For more than a decade, the winning trend in the Sports Car Club of America’s C Sports Racing category has been to rebody a Formula Atlantic car to meet the sports racing rules. The Formula Atlantic cars are fast, and adding the bodywork tends to make them quicker. Usually those who make the conversion use the existing FA engine, whether it’s a Mazda MZR or something else.
Jim Downing chose a different route with his Peach Day-02/Mazda.
“I’ve been racing rotaries since 1974; I don’t know why I would stop now,” says Downing, whose racing career began with an Elva Courier and includes Formula Vee at the first SCCA Runoffs and IMSA Radial Sedan, GTU and Camel Lights championships. “There’s a whole group of people in the world who love rotary engines.”
The chassis is based on a Ralt RT-40 Formula Atlantic from the mid-’90s. Except it’s not that old.
“It’s an RT-40, but it’s a brand-new tub…well, it’s a year-and-a-half old,” Downing explains. “The molds are in Georgia. We had it built, because I have one of the original ones back at the shop. Then we build everything else – all the bodywork, everything except the tub. And it fits the Mazda rotary nicely.”
The rotary in this case is a 13B peripheral port with fuel injection built by Rick Engeman. Due to the rules, the engine has to breathe through an air restrictor intended to balance power. That power goes to the wheels through a sequential gearbox.
On the engine front, some of the biggest competition these days is from motorcycle engines. A motorcycle-engined car won the SCCA National Championship in 2013.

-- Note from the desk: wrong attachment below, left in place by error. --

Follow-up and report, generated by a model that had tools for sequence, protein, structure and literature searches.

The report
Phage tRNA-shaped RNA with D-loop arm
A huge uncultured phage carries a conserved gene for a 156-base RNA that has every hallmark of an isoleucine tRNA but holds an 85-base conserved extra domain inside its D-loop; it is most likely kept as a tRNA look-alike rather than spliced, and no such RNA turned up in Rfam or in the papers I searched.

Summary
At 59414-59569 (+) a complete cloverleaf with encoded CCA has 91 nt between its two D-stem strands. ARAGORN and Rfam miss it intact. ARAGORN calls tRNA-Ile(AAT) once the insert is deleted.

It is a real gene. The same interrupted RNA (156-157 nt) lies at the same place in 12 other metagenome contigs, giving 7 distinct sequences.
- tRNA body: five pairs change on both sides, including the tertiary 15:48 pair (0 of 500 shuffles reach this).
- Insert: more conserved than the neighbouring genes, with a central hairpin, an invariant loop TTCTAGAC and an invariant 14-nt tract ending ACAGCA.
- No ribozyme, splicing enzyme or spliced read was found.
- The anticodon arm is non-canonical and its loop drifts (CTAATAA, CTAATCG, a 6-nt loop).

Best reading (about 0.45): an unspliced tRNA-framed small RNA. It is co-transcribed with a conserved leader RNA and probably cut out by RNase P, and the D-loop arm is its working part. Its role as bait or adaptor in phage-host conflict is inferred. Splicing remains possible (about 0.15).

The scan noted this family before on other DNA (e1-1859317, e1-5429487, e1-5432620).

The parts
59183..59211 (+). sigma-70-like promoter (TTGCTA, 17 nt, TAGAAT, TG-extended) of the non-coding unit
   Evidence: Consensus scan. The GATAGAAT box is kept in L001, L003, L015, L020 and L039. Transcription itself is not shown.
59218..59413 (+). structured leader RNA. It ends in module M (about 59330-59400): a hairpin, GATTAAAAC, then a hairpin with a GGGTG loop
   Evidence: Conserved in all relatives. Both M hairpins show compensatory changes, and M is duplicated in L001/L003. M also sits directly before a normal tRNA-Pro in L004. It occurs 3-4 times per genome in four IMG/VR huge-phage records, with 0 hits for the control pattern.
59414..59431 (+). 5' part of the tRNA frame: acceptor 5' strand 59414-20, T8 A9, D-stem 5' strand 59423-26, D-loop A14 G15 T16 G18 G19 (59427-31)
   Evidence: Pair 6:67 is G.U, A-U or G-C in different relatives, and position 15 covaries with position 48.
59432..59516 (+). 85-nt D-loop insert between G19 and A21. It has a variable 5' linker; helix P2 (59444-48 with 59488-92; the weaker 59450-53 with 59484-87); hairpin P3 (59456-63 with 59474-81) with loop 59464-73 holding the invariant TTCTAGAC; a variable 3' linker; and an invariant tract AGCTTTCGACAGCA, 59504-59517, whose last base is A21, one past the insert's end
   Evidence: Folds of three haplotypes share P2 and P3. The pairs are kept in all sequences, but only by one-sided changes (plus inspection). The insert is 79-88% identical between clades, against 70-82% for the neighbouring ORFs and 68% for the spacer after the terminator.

“We have about every trick you can imagine, trying to keep up with those darn motorcycle-engine cars,” laughs Downing. “They weigh 900lbs., we weigh 1300lbs. And they punch a small hole through the air. We punch a little bigger one, but we’re pretty aerodynamic and we make a bunch of downforce from the bottom side.
“We’ve got a certain amount of power because of the air restrictor. So then you try to decrease drag but make enough downforce to make sense. So the bottom side of our racecar is pretty trick, and the top side is slick. We’ve got to get our weight down to minimum like everyone else. And then you deal with the particular characteristics of racing a rotary engine, which means you have a little bigger oil cooler and you’ve got to get good air to your radiators. It’s all standard stuff.”
Standard stuff it may be to Downing, but it’s a pretty unique car in the paddock. And it’s quick enough in Downing’s hands to be only a couple of seconds off the Daytona Prototype times around Road America.